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The findings reveal how the participating FGLS arrived at SU with a depth of capital, interwoven assets, and goals that fueled their motivation to pursue engineering. Furthermore, they drew upon their identities and found strength within them as they navigated microaggressions and stereotypes experienced within the engineering climate. The students articulated communal goals for their families and communities, while drawing upon their resistant, familial, social, and aspirational forms of capital.

Overall, the students’ statements reinforce findings regarding a form of CCW to complement Yosso’s (2005) model: pluriversal (Rendon et al., 2019). A pluriversal form of capital is a Latina’s ability' to hold multiple meanings and consciousnesses simultaneously and draw upon that as a strength. Their strength is derived from multiple modes or even conflicting identities (Rendon et al., 2019). As women in a male-dominated field, they' found fuel to persist. As Latinas in a predominantly' White field, they' held on to their aspirations.

Additionally', their increased consciousness and aspirations supported their internalized beliefs and drive to succeed. This could also be described as a sense of autonomy (Benard, 2004), defined as “an ability to act independently and feel a sense of control over one’s environment” (Benard, 2004, p. 20). They described the agency they felt in being able to shape their careers and life outcomes through their aspirational and navigational capital. Autonomy is one of four main categories of resiliency, which refers to the activation of innate capacities to succeed despite barriers, such as a negative racial climate (Benard, 2004). This aligns with Romasanta’s (2016) findings that FGLS develop their academic resiliency by engaging forms of CCW. Essentially, FGLS operationalize their forms of CCW as resiliency capital (Romasanta, 2016). Thus, this study' further supports the connection between CCW and resiliency through the cultivation of assets within a hostile climate.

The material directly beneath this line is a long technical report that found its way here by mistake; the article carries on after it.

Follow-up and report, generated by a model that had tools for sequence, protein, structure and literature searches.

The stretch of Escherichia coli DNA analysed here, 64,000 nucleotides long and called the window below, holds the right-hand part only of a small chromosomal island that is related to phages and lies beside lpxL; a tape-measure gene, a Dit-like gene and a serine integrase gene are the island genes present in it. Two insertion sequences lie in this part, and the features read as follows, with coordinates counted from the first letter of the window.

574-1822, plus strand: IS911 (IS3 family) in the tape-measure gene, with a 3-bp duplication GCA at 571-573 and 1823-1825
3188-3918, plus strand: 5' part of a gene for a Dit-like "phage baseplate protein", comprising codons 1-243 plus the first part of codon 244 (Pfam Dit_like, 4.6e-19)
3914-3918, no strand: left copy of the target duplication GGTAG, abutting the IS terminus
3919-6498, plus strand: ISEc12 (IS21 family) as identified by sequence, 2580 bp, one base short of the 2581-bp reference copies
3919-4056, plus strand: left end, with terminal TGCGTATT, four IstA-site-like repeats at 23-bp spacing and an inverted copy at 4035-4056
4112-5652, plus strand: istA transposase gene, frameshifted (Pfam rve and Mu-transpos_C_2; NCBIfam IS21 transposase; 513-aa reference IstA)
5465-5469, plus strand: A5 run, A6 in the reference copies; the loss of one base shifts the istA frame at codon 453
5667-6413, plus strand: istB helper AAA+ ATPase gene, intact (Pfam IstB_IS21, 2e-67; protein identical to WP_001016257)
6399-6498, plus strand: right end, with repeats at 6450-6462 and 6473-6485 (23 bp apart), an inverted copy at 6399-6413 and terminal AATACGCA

Finally, the assets became apparent to advisors through the advising interventions, which were designed to capture counterstories. Developmental advising definitions often describe what an advisor should discuss in a meeting as an advisee’s goals, plans, and interests (O’Banion, 1994). However, this fails to capture the nuance of the ty'pes of discussions that should be occurring for minoritized students. Spaces that promote empowerment and resilience emerge as critical factors for academic and lifelong success (Benard, 2004; Perez Huber & Cueva, 2012). Therefore, rather than focusing on remediation through programming, colleges should instead explore how asset-based frameworks can be employed to reframe existing programming.


The sustained underrepresentation of Latinas in engineering threatens economic vitality, innovation, and technology' advancement in the United States (Carnevale et al., 2011). Furthermore, it sustains a deficit-based system that continues to maintain inequities based upon meritocratic perspectives. Alternatively, validating advising practices promote an interaction that elicits the unique strengths and assets that Latinas possess. These assets serve as capital that can be activated to succeed within the hostile climate of engineering. Through their resilience, the students described a form of resistant capital. This study, therefore, supports the interplay of CCW and resiliency while adding another form of capital to the dynamic set of assets previously identified. Furthermore, students’ goals and aspirations can be elicited through validating advising practices to create a more supportive climate in engineering, with the goal of increasing the number of STEM graduates.


1. I use the term “minoritized” instead of “minority” to acknowledge that individuals are not born into minority status, but “instead, they are rendered minorities in particular situations and institutional environments that sustain an overrepresentation of whiteness” (Patton, Harper, & Harris, 2015, p. 212).

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